This has all happened before, it will all happen again.
There will be a time to position for long entries, but it will take some time (aside from intraday short covering rallies).
I use the 3/10macd indicator because it is closely derived from price and reacts quickly to price; all it does for me is help to take out some of the noise and subjectivity in viewing price. The criteria I ascribe to the indicator's relationship of Fast Line to Slow Line is simply my way to quickly identify, and alert me to, higher lows or higher highs, trend continuation likelihood, range-bound markets, etc.
With that said, the 2b, 4c, or 4b criteria simply alerts me to a lower high or waning momentum. In the chart below there's a 4c and 4b short setup highlighted:
or even this 4c criteria on the monthly S&P500 chart:
And more recently, this:
as an added bonus, the 2b criteria on the 3/10 macd isn't necessarily a lower high. In the chart above the absolute high (prior to the shaded region) occurred while signaling a 2b setup (exhaustion of price/waning momentum).
Anyway, as we can see from the above chart, price confirmed a lower high and sold off. At this point, the rallies will get sold and we will likely spend a number of weeks digesting the recent volatility to a point where a firm higher low can develop and begin a new intermediate trend up. The question always remains; How low will we go?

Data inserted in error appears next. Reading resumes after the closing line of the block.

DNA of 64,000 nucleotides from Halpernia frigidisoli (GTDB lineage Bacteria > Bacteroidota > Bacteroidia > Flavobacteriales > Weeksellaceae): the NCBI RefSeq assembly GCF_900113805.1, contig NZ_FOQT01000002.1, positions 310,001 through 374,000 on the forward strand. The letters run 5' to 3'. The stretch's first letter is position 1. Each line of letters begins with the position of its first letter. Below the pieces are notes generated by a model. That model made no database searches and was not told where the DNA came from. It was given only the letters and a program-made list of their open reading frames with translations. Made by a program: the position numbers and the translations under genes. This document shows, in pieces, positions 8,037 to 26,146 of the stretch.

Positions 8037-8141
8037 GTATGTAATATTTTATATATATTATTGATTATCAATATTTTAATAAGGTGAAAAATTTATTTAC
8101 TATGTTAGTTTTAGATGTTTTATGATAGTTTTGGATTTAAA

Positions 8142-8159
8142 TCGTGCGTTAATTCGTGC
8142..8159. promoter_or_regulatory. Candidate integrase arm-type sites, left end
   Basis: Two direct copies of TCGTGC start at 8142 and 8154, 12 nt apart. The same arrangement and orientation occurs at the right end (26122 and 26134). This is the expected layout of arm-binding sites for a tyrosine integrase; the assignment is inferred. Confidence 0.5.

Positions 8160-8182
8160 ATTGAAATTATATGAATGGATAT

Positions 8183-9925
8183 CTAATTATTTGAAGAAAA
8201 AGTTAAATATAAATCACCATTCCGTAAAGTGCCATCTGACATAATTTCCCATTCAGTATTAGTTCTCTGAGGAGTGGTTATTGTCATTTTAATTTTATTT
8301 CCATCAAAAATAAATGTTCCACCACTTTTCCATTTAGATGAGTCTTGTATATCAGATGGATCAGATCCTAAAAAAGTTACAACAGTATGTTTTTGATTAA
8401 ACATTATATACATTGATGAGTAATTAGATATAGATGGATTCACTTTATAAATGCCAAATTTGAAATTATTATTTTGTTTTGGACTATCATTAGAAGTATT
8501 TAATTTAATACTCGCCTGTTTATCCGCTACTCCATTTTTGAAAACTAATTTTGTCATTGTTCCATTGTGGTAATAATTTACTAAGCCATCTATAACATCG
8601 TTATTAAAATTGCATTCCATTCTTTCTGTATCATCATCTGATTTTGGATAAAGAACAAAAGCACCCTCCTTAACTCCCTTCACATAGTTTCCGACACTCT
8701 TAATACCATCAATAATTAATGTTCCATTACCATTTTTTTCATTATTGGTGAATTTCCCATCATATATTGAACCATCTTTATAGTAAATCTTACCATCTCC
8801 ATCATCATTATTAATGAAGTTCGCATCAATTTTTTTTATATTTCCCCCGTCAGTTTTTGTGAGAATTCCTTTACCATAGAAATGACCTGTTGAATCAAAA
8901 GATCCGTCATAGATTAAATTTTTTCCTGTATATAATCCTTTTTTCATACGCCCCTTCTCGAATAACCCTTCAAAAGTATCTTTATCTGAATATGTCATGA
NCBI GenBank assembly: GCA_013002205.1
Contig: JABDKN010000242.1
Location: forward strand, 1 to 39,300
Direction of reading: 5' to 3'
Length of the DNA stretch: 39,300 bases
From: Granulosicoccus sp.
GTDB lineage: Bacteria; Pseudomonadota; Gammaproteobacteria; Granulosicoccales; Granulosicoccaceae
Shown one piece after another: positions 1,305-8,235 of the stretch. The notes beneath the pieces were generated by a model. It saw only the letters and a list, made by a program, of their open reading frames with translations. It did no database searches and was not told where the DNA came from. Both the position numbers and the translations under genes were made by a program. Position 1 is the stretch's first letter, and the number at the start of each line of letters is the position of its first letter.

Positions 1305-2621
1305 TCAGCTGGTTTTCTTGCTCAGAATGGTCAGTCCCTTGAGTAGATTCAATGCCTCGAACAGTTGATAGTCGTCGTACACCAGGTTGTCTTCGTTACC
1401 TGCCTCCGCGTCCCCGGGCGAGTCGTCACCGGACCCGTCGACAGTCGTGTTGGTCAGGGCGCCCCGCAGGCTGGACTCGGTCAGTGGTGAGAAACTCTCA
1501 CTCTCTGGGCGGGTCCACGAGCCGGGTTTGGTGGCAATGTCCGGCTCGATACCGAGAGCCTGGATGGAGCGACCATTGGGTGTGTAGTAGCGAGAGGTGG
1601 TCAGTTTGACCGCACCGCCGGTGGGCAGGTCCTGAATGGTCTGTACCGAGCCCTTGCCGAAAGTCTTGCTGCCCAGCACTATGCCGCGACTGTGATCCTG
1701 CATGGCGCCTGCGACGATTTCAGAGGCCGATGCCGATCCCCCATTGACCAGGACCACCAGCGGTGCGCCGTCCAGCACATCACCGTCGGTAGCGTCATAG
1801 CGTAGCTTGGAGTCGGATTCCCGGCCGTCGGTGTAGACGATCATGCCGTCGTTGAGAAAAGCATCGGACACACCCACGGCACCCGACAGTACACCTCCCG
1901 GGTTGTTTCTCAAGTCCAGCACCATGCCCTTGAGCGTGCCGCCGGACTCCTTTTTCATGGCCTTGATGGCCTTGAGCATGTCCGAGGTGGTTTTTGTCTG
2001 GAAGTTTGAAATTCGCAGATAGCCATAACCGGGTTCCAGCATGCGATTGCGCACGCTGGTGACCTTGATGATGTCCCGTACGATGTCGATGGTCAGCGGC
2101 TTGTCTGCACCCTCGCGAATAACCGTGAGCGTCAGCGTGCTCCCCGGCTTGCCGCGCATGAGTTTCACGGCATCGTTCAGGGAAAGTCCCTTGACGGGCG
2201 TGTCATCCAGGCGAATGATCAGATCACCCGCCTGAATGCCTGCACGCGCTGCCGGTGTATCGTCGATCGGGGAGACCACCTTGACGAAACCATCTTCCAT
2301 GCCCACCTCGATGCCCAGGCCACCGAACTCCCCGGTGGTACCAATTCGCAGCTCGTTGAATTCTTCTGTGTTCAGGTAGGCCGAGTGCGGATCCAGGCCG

To start with, take a look at this morning's opening gap down. Price reached the 100% projection intra-day, while the 200% coincides with the August 9 lows. Not to say price always achieves a 200% momentum projection, but the fact that it coincides with the lows is curious
The setups I include on this blog are used in conjunction with the 3/10macd and the criteria I ascribe to it as a way to alert me to an existing condition of price. The key concept to take away from this blog is that I try to anticipate what will happen on the higher time frame by using a faster time frame to trigger the trade setup. I do not trade a "system" I use two indicators to clue me in to price conditions. Please read the Disclaimer located in the sidebar of this site. I can be contacted via email at email@example.com
I am always open to questions, comments, or suggestions on how to improve this blog.